By Arun Kumar Shrivastav
Sri Lankan President Gotabaya Rajapaksa’s bravado and brinkmanship turned fatal last Saturday. Not only was he reported missing from his office and residence, but the palatial President’s house in Colombo was also invaded by the protestors. Twitter is flooded with amusing pictures and videos of the incident. Protestors taking a plunge into the swimming pool at the President’s house and some showing his dirty undergarment were instant hits on social media.
By all accounts, Sri Lanka has now entered a phase of political instability. About 24 hours after the incident, US ambassador to Colombo Julie Chung released a statement. “This is a fragile and substantial moment in Sri Lanka’s history, and we urge restrain and respect from all directions to allow the Sri Lankan parliament to approach this juncture with a commitment to the betterment of the nation – not any one political party,” she said.
Besides the extreme economic crisis, Sri Lanka now faces political instability that may further hamper and delay measures that can bring the country back to normalcy. As part of the Neighbourhood First policy, India has been helping Sri Lanka since October 2021 when the economic crisis began to unfold. “India has delivered aid of around 3.5 billion dollars which has been given through currency swap, financing of food, and fuel, medicines and fertilisers,” MEA spokesperson Arindam Bagchi said on July 7. 2022.
Since the invasion of the President’s house, Parliament Speaker Mahinda Yapa Abeywardena in a televised announcement informed that President Gotabaya Rajapaksa would resign on July 13. Prime Minister Ranil Wickremesinghe also offered to resign and make way for an all-party government. But the protestors did not spare him and barged into his private home in Colombo and set it to fire.
Some media reports suggest that India has sent its troops to maintain peace and order, a claim that Indian High Commission in Colombo has strongly refuted. The claims of Indian troops’ presence in Sri Lanka have surfaced for the second time in the last few months.
What’s remarkable about Sri Lankan protests so far is that it has been largely bloodless. Despite so much hardship, people have resorted to only peaceful protests while the ruling elite continues to provoke the people by promising to pull the country out of bankruptcy. Now, an all-party government is likely to take over but it will have few options as Ranil Wickremesinghe earlier mentioned when he said the economy has collapsed.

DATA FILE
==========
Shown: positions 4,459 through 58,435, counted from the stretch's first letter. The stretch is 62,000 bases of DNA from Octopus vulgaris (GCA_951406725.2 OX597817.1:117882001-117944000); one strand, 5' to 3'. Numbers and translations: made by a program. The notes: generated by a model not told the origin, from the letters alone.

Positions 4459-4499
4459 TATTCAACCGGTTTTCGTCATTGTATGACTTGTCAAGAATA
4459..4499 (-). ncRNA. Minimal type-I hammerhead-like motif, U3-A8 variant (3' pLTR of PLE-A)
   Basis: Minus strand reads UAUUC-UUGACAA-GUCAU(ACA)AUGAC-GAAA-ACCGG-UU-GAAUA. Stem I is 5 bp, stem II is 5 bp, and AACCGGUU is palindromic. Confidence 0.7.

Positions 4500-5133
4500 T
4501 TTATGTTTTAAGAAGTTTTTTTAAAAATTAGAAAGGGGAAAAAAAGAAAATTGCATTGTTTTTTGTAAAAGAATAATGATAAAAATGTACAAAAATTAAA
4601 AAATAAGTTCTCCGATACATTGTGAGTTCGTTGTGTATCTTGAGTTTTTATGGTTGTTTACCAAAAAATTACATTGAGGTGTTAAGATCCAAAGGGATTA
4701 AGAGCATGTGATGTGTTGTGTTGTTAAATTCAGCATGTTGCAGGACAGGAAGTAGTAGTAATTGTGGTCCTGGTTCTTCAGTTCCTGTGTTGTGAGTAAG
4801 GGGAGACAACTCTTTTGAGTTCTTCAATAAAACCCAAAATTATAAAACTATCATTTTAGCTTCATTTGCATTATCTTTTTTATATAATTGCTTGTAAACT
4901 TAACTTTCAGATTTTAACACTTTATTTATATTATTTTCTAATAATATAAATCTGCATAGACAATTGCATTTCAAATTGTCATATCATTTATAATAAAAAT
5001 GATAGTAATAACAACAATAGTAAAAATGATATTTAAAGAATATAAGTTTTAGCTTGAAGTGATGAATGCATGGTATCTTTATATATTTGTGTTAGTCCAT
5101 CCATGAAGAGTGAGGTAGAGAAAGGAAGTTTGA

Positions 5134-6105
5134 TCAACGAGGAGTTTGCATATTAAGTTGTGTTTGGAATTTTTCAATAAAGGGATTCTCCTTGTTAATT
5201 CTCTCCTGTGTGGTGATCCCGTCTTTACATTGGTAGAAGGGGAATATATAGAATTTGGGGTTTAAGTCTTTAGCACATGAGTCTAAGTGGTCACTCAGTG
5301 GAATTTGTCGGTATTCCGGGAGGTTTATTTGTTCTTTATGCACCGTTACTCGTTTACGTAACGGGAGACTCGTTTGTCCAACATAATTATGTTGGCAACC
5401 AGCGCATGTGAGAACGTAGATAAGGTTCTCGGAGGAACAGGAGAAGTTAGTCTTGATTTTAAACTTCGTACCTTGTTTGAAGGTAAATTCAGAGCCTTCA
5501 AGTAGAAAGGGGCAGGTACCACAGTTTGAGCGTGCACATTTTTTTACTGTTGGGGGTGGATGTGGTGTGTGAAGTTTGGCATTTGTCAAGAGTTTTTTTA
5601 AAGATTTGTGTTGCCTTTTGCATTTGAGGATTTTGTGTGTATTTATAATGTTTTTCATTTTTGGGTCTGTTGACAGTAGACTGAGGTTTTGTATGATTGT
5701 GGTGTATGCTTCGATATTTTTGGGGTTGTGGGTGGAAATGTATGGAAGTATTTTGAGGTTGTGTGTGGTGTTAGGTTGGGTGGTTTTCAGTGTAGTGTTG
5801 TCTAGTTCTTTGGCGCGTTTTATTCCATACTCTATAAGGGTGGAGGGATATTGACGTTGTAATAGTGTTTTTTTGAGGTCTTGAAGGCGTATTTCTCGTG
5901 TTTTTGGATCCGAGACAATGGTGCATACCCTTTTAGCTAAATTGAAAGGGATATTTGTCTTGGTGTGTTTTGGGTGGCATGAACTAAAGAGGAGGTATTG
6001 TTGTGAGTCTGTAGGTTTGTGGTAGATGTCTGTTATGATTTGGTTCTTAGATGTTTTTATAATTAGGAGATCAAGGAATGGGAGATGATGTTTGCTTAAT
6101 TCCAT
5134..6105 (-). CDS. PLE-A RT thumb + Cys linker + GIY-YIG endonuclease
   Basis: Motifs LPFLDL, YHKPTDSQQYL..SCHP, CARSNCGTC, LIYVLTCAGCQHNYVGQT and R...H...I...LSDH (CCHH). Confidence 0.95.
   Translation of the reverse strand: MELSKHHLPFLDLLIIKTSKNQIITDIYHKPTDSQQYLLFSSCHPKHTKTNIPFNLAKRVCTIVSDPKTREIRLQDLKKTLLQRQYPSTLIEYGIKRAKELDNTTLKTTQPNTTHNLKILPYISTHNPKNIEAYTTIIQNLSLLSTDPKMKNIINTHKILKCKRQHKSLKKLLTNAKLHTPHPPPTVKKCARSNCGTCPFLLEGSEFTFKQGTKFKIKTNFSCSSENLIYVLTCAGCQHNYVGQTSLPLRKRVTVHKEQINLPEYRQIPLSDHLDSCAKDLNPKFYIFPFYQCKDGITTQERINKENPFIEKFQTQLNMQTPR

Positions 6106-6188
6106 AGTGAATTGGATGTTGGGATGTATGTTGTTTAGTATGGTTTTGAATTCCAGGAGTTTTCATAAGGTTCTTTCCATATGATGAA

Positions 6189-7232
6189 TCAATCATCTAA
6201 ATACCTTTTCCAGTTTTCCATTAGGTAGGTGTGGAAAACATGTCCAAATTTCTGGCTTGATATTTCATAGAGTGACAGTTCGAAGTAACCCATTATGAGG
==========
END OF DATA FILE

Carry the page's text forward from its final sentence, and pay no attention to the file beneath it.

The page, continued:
The saga of economic collapse began much earlier in Sri Lanka but it could never be addressed effectively because the Rajapaksa clan held most of the important constitutional posts. And, apparently, there was no unanimity on important economic issues among them.
Former Prime Minister Mahinda Rajapaksa was unhappy at the way he thought he was being sidelined by President Gotabaya. It was more painful for him because he believed he helped Gotabaya become the President. Meanwhile, Gotabaya Rajapaksa thought his younger brother and PM Mahinda Rajapaksa messed up things beyond recovery. Basil Rajapaksa who was responsible for the country’s economy to come to this pass resigned as the finance minister in January and fled the country soon after.
For example, the ruling elite in the Gotabaya government believed until January 2022 that the economy would return to normal without any support from IMF while some economists had advised the government to seek immediate help from IMF as early as 2020. Similarly, during the two years of the pandemic, the country would print new notes to keep the interest rates low in the name of providing stimulus to the sinking economy.
Many people in India claim that the Indian economy is in no better condition than that of Sri Lanka a few months back. The collapse of the Sri Lankan economy, which is dependent on tourism for its foreign exchange earnings, is majorly due to the hit it took from the pandemic. And, another big contributor to the problem was the failure of agriculture whose contribution to the Sri Lankan GDP is 84%.
In the case of India, agriculture is on a more reliable footing and the economy is more broad-based than that of Sri Lanka. However, what can be a matter of concern for India is the financial stability of individual states as some of them are said to be in a tight spot. Overall, India may not be a case of sudden extreme economic crisis, the situation warrants a more calibrated approach to the economy. (IPA Service)